The next morning a brass band played loud Souza marches and “God Bless America” as we slowly inched away from the dock and sailed past the Statue of Liberty out into the Atlantic Ocean. I felt excited and scared all at the same time. Dressed in long wool pants and our new winter coats, we stood at the rail of the ship and watched while New York City got smaller and smaller, down to a little dot, and finally disappeared altogether.

We hadn’t been on the open ocean long before the waves got rough. The ship pitched and rolled, and most of the people left the deck and went down to their cabins. Finally, Mommy said we’d better go down too, but already the passageway smelled like throw-up. We could hear babies crying and people in the bathroom gagging. I didn’t feel so good myself. Stopping at our cabin just long enough to grab the blankets off our bunks, we climbed back up on deck and found three wooden deck chairs. Mommy wrapped our blankets tightly around us, snugged them right up to our chins, and then wrapped herself up too. With the icy cold wind blowing in my face, I felt better and not like throwing up anymore.

On the ship, our meals were served cafeteria-style in shifts, or sittings, each one announced by a loud horn. We had to sit in our assigned seats at the same table for every meal. That first day, hardly anyone showed up in the dining room, and after we ate, we went back out to our deck chairs and stayed there until a man told us we had to go below to our room.

The ship had a playroom for kids. It was equipped with some games, books, puzzles, and other toys—not much better than the little kids’ room at the daycare at Washington Elementary. Eleanor and I didn’t spend much time there because it was usually filled with babies and toddlers and a few of them were always crying.

A movie projector in the dining room showed the same movie twice each evening, once at seven o’clock and again at nine. We saw the late movie every night, regardless of what was playing. By the time it finished at eleven, we were more than ready for bed. Best of all, when we tiptoed in, the rest of our cabin mates were always fast asleep and it was peaceful and quiet.

Several times during the crossing, men gave long speeches in the dining room about what to expect once the ship docked at Bremerhaven. They carefully checked our passport and immunization records. They even taught us to say some German words like guten morgan (good morning), guten abend (good evening), bitte (please), and danke (thank you).

Twelve days later we docked at Bremerhaven, but we weren’t allowed off the ship for two or three hours while they checked everyone’s papers one last time. Finally, holding tightly to Mommy’s hands, we walked carefully down the gangplank. Being back on solid ground, I felt strange, dizzy, like I was a baby just learning to walk and might fall down at any moment. The feeling scared me, but Mommy said the dizziness would pass in a few hours. I hoped what she said was true. Forgetting how to walk just so we could live overseas in Berlin wouldn’t be worth it, in my opinion.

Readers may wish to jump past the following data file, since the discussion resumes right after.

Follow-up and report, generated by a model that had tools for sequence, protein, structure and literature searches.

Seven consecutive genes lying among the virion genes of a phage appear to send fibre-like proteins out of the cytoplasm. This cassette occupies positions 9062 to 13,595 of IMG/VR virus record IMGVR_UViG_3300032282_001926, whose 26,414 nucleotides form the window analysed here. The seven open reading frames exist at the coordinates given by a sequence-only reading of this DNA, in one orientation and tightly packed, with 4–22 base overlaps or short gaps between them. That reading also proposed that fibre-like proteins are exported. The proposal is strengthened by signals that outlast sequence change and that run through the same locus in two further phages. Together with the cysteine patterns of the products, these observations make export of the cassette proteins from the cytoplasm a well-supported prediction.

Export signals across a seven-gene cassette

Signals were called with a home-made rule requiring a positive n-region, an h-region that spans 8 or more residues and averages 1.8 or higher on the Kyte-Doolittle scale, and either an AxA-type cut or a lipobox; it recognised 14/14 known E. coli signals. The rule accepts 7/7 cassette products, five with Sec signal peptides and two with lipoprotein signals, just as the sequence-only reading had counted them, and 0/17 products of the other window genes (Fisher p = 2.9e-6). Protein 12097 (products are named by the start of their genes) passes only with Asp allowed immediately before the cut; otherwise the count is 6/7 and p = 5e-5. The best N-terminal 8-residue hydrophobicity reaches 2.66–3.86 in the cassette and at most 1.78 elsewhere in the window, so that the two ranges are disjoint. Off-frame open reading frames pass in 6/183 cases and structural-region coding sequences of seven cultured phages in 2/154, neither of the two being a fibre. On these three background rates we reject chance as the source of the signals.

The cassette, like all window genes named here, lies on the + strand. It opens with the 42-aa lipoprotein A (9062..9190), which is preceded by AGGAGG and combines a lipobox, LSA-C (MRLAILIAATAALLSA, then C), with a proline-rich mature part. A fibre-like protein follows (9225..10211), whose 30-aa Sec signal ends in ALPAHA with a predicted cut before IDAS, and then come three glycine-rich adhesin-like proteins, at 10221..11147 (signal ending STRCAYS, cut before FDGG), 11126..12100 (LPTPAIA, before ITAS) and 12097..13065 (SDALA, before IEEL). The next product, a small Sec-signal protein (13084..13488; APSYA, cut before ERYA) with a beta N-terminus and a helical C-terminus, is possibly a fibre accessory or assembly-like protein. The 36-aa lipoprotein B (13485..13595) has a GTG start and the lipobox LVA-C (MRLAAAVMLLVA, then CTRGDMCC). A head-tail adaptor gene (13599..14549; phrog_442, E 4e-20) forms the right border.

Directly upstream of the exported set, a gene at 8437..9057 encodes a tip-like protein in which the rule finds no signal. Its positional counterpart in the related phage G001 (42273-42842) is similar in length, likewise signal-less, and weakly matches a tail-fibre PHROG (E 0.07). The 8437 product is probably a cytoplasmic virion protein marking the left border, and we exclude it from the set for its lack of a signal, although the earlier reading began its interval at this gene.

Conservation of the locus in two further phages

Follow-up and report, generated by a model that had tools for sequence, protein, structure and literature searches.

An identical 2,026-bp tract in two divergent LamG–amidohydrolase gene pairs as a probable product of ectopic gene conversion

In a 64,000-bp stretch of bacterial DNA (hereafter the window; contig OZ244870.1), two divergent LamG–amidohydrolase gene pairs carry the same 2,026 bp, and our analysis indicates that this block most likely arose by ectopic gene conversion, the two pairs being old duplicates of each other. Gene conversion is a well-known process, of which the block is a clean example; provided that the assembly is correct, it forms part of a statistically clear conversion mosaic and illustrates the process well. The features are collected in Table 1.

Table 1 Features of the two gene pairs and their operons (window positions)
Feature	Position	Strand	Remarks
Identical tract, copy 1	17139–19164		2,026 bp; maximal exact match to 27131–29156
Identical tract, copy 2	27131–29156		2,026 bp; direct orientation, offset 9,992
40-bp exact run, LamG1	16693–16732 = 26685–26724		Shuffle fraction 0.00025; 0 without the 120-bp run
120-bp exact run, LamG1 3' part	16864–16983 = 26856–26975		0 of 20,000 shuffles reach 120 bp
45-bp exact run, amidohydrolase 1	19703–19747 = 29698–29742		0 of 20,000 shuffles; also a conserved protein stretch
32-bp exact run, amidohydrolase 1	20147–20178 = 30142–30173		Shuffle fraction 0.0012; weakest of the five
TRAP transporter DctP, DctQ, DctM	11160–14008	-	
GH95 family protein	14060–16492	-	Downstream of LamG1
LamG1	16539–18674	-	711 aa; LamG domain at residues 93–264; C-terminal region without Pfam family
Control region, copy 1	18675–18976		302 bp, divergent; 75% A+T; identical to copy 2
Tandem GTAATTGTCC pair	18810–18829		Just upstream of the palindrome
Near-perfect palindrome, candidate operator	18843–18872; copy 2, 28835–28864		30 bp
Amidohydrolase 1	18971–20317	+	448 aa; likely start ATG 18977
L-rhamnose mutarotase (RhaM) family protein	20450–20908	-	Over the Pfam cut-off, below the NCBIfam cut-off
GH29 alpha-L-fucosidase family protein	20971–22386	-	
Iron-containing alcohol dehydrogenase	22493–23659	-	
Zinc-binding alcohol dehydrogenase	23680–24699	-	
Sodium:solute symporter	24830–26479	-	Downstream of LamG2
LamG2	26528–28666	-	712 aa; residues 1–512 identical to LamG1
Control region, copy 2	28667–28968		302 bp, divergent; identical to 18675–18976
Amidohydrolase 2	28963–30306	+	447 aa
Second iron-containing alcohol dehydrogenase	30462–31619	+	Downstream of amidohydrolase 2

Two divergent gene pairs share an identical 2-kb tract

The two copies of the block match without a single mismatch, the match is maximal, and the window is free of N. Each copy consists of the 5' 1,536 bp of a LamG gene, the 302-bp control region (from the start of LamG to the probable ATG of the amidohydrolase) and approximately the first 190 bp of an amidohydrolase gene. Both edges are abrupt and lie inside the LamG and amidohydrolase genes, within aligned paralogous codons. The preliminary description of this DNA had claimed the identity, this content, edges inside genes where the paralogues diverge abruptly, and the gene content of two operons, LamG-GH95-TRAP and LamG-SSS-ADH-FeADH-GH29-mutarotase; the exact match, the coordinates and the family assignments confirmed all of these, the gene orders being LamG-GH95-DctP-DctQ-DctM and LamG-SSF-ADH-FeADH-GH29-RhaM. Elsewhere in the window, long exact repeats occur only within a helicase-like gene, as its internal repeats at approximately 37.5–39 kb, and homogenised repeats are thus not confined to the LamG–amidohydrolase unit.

From the pier, big khaki-colored Army buses transported us to a railroad station. We were provided tickets and then boarded the overnight train to Berlin. The train was comfortable—padded seats and everything—but before it left the station, a man came around and locked all the doors and sealed the windows shut, just like we were inmates in a prison. Nervous, Mommy questioned one of the porters. “We’ll be entering the Russian Zone at Marienborn, Ma’am,” he said. “From there, absolutely no one is allowed to enter or exit the train until we reach Berlin.” It took quite a while for Eleanor and me to fall asleep that night. I don’t think Mommy slept at all.

At Berlin, Daddy was waiting with a brand new car, a Standard Vanguard, to take us to our new home.

Author: Patricia Minch, Writer, etc.

Growing up an “Army Brat,” by age eighteen I had lived in nineteen different homes in half a dozen states, Europe, and the Far East, and had traveled extensively beyond those. A National Merit Scholarship finalist in 1958, I attended the University of Texas, El Paso, and the University of California, Berkeley. Years later, I took additional courses at Cabrillo College in Aptos, California, and then spent thirteen years as a self-employed editor for court reporters. An avid writer, genealogist, gardener, landscape designer, amateur architect, woodworker, and antiques collector/dealer, I am also wife, mother, and grandmother. I’ve written feature articles for local newspapers and recently completed my first book, a narrative non-fiction account of my father's experiences as a guerrilla in North Luzon (Philippines) during WWII. I currently live with my husband, a retired college instructor and Air Force veteran, in Northern California.